Most influential styles of EDM in 2018

2018 is almost over, believe it or not, so we feel confident making our calls for the Top-3 most popular and influential styles of EDM for the year. These show no signs of slowing down, so you can expect to see these music styles making waves well into summer of next year, too. Read on to learn which have become the biggest trends over the last 10 months.

 

Experimental Dance Music

2018 has seen the rise of what’s been called “experimental dance music,” a tribal and exotic twist on the old house-music formula. Its figurehead has emerged in the person of Lotic, originally from Austin, Texas but living and performing now in Berlin.

Experimental dance music by Lotic and others fuses the new percussion sounds and rhythm styles with social awareness and a cosmopolitan, international joie de vivre.

Mixmag’s Whitney Wei describes Lotic’s new, debut record as “living up to its title, ‘Power.'” She goes on to say, “it sees Lotic draw from the acerbic and angular sound palette familiar from previous releases, but in bringing their own voice to the mix for the first time, Lotic has produced a sparkling and fundamentally hopeful debut.”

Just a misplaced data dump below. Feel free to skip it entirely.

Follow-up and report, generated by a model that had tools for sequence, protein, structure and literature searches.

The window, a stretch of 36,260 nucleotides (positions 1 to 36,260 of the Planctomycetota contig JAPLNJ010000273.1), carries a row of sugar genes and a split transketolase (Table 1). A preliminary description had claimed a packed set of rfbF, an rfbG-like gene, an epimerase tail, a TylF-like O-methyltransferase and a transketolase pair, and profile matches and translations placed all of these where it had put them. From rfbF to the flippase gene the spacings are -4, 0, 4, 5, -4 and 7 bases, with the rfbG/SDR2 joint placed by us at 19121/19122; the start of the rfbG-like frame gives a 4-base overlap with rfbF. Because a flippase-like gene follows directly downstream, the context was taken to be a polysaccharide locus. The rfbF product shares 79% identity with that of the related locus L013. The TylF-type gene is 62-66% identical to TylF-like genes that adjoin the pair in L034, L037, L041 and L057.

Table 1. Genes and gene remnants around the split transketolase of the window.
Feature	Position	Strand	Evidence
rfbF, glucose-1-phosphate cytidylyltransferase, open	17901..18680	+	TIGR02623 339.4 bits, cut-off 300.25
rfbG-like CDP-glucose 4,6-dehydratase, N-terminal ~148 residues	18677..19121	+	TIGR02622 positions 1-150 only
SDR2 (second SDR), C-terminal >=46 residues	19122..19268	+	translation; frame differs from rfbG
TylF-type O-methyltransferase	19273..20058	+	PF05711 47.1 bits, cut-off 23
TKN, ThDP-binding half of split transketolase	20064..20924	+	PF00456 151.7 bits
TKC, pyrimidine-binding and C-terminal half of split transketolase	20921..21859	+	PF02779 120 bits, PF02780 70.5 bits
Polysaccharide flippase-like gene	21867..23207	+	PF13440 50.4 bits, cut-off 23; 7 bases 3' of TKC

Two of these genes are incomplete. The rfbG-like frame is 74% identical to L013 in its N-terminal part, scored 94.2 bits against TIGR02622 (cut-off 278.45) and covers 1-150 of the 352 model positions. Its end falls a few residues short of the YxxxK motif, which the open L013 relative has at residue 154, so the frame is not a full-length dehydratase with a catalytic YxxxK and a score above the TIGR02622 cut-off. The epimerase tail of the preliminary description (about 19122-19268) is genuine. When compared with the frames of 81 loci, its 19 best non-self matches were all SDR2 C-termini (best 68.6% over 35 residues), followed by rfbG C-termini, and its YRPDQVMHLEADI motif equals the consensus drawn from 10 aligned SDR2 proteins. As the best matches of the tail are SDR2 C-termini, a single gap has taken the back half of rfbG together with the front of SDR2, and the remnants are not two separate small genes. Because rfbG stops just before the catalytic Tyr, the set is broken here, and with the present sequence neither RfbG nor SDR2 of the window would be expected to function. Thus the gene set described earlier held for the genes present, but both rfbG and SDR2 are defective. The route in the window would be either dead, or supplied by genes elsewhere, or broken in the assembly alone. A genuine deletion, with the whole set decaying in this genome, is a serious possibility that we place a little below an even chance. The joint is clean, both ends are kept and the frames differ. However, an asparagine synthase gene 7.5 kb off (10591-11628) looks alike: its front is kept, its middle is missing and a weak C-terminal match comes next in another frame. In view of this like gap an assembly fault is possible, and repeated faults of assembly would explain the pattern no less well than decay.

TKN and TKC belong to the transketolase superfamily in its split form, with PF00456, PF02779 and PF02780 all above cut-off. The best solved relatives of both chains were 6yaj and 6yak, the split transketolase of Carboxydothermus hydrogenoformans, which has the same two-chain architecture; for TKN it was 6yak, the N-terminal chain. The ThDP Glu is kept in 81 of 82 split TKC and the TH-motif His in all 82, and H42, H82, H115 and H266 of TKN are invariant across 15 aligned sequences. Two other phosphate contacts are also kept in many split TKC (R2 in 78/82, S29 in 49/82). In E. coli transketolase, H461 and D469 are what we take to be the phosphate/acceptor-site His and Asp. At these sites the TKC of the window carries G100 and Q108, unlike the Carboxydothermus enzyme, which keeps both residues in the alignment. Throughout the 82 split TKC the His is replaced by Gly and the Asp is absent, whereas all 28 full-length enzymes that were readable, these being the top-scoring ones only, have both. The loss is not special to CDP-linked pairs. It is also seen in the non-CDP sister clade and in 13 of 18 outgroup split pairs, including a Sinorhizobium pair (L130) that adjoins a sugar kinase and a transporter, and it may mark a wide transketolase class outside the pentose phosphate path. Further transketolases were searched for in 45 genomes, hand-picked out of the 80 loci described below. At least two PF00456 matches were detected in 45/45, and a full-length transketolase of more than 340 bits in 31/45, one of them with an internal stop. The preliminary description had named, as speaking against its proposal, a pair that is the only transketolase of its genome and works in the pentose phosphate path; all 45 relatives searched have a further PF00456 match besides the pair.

Afrobeat

Very closely linked to the experimental dance music rise is this year’s enthusiasm for afrobeat.

Izotope writes of the new trend: “Like the Gqom genre aesthetic, Afrobeat has been around for a while. A blend of hip-hop, funky house, and local African music from London (via Africa diaspora), Ghana, and Nigeria, Afrobeat had originally been fairly limited to parts of the African continent and the UK, but it’s catching fire internationally. British-Ghanian artist Mista Silva’s ‘Murda’ is a great example of the Afrobeats vibe, which sounds almost like a more rhythmically and sonically diverse musical cousin of Reggaeton.”

 

 

A Return to Melodies

Ambient came into its own sometime around 2000-2005, depending on whom you ask. Minimal, formless and often indescribable, ambient music was art for art’s sake.

It didn’t exactly take off. What it did do in spades, though, was to help dubstep and other bass-based, beat-heavy styles to crush melodic songwriting under the boot heel of popularity. People stopped writing catchy surface hooks and melody lines. Vocals all but died.

But 2018 has seen a throng of artists bringing back the melodies. These include Skee Mask, DJ Koze, Tale of Us, and Jamie Principle and Frankie Knuckles. A quick Web search of “artists like” any of these will award interested parties with plenty more where that came from, too.

 

That’s it for this week’s MondoDIY. Be sure not to miss last week’s post on the greatest hip-hop beats of all time, and how you can make beats like them!

 

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